Dem 51
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GOP 49
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It's Trump's Party Again

That headline is hardly a revelation, but there have been a couple of interesting op-eds in the last few days that speak to the extent to which Donald Trump is setting the agenda for the Republican Party, even if much of the rest of the Party would prefer to go in a different direction.

To start, former representative Adam Kinzinger has signed up to be a CNN columnist. And in his latest, he tackles the question of why, per a recent poll from CNN/SSRS, Republicans overwhelmingly want to abandon Ukraine. After all, this is the party that tends to be hawkish, and it also used to be anti-Russia.

Kinzinger actually has two answers to the question. The first is that Ukraine's progress in the war has been slow. This is not much of an explanation, though. After all, Republicans were happy to back the Vietnam War, the Afghanistan War, the Iraq War and others when the conflict was much longer and the progress was much slower. Plus, if this was on the mark, then Democrats should be souring on Ukraine, and they are not. Kinzinger himself clearly doesn't really believe in this answer, because he spends a grand total of one paragraph on it before moving onto the 14 paragraphs devoted to answer #2.

That second answer is "the Trump effect," as Kinzinger describes it. As the former representative notes, Trump hates Ukraine and its leader Volodymyr Zelenskyy because Zelenskyy refused to play ball when it comes to smearing the Biden family. Unstated in the op-ed, but also true, is that Trump is either deeply enamored of Vladimir Putin or in his thrall, and is also generally an isolationist. Add it up, and it results in an anti-Ukraine stand for The Donald. And what The Donald says goes, at least with Republican voters. This forces the Republican politicians to fall in line, even if they know that a Russian victory would be bad news for the U.S., long term.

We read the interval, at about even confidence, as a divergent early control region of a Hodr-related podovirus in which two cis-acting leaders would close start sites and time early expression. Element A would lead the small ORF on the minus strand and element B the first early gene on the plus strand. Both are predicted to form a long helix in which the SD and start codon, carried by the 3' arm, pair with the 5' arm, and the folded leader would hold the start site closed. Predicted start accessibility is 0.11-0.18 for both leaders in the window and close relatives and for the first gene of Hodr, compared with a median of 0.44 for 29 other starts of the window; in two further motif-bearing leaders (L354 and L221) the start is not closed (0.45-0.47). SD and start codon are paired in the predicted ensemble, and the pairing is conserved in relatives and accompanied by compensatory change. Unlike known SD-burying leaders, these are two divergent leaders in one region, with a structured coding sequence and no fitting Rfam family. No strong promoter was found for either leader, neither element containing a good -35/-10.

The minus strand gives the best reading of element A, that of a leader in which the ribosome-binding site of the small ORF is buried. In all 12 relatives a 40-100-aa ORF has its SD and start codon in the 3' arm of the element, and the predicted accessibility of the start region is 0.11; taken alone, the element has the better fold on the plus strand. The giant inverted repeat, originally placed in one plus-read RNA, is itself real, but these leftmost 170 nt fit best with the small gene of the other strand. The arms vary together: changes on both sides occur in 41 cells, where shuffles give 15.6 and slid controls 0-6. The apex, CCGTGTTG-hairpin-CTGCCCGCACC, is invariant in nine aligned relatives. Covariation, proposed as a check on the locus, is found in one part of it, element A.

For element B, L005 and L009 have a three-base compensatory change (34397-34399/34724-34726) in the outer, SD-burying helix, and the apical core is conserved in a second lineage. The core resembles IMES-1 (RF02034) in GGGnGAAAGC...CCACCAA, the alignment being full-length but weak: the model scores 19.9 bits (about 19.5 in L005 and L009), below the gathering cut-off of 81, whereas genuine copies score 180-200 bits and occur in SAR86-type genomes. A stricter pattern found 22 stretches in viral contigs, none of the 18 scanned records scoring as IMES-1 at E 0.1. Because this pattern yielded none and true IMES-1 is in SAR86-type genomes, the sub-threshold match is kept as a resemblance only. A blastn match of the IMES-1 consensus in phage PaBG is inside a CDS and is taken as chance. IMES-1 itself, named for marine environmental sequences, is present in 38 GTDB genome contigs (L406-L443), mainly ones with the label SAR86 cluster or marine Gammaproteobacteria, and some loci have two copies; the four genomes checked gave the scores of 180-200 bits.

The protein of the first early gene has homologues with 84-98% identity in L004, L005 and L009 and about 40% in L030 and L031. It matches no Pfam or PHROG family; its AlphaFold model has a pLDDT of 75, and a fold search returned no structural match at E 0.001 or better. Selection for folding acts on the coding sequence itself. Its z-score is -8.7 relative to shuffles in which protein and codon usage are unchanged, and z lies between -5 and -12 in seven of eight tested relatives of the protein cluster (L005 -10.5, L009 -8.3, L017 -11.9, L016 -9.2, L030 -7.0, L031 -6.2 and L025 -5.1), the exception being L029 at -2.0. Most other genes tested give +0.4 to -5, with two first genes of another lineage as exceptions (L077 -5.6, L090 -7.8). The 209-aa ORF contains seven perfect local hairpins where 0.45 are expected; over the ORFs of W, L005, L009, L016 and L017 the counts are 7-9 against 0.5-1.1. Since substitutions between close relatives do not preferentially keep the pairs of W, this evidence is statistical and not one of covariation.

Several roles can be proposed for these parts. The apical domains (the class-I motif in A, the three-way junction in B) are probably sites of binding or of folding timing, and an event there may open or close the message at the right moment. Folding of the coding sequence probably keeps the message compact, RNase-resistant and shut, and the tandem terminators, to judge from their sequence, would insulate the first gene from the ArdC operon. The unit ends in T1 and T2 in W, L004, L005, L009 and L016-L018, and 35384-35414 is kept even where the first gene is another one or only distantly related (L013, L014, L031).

Meanwhile, Elia Nilsen, also writing for CNN, wondered "why Republicans can't get out of their climate bind." The effects of climate change are becoming too obvious and too damaging to ignore, and many members of the party have warmed up (no pun intended) to getting serious about the issue. And yet, what we actually see is continued denial and magical thinking like "let's plant a trillion trees."

The problem here, once again, is Trump. He's a climate change denier deluxe, calling it a "hoax" and rendering his informed scientific opinion that "it may affect us in 300 years." And so, while there are areas where Republicans and Democrats could potentially reach agreement (like, say, investing in renewable energy projects), Republicans in Congress cannot vote for (or even negotiate about) such things. Consequently, Speaker Kevin McCarthy (R-CA) fiddles while Phoenix burns, posting the hottest month ever experienced by an American city (an average temperature of 102.7 degrees in July).

Figuring out why Trump is a climate change truther is a bit harder than figuring out why he's anti-Ukraine. Maybe he's telling his voters what he thinks they want to hear. Maybe he's kissing up to Big Oil, in hopes they will donate bigly to paying his legal costs his campaign. Maybe he's scared, and in denial. Maybe he just reflexively opposes anything he perceives as woke, or woke-adjacent. Could be any or all of these things.

In the movie The Godfather, Michael Corleone deliberately allows his enemies to grow overconfident, and then reasserts himself with a vengeance, reclaiming total control of organized crime in New York City. That sure looks like what's happened with Trump; it seemed his grip on the Republican throne might be slipping, allowing people like Ron DeSantis and Nikki Haley to delude themselves that the crown might devolve upon them. Wrong-o! He's 100% back, and that includes telling Republican officeholders and media members exactly what to think and say. (Z)

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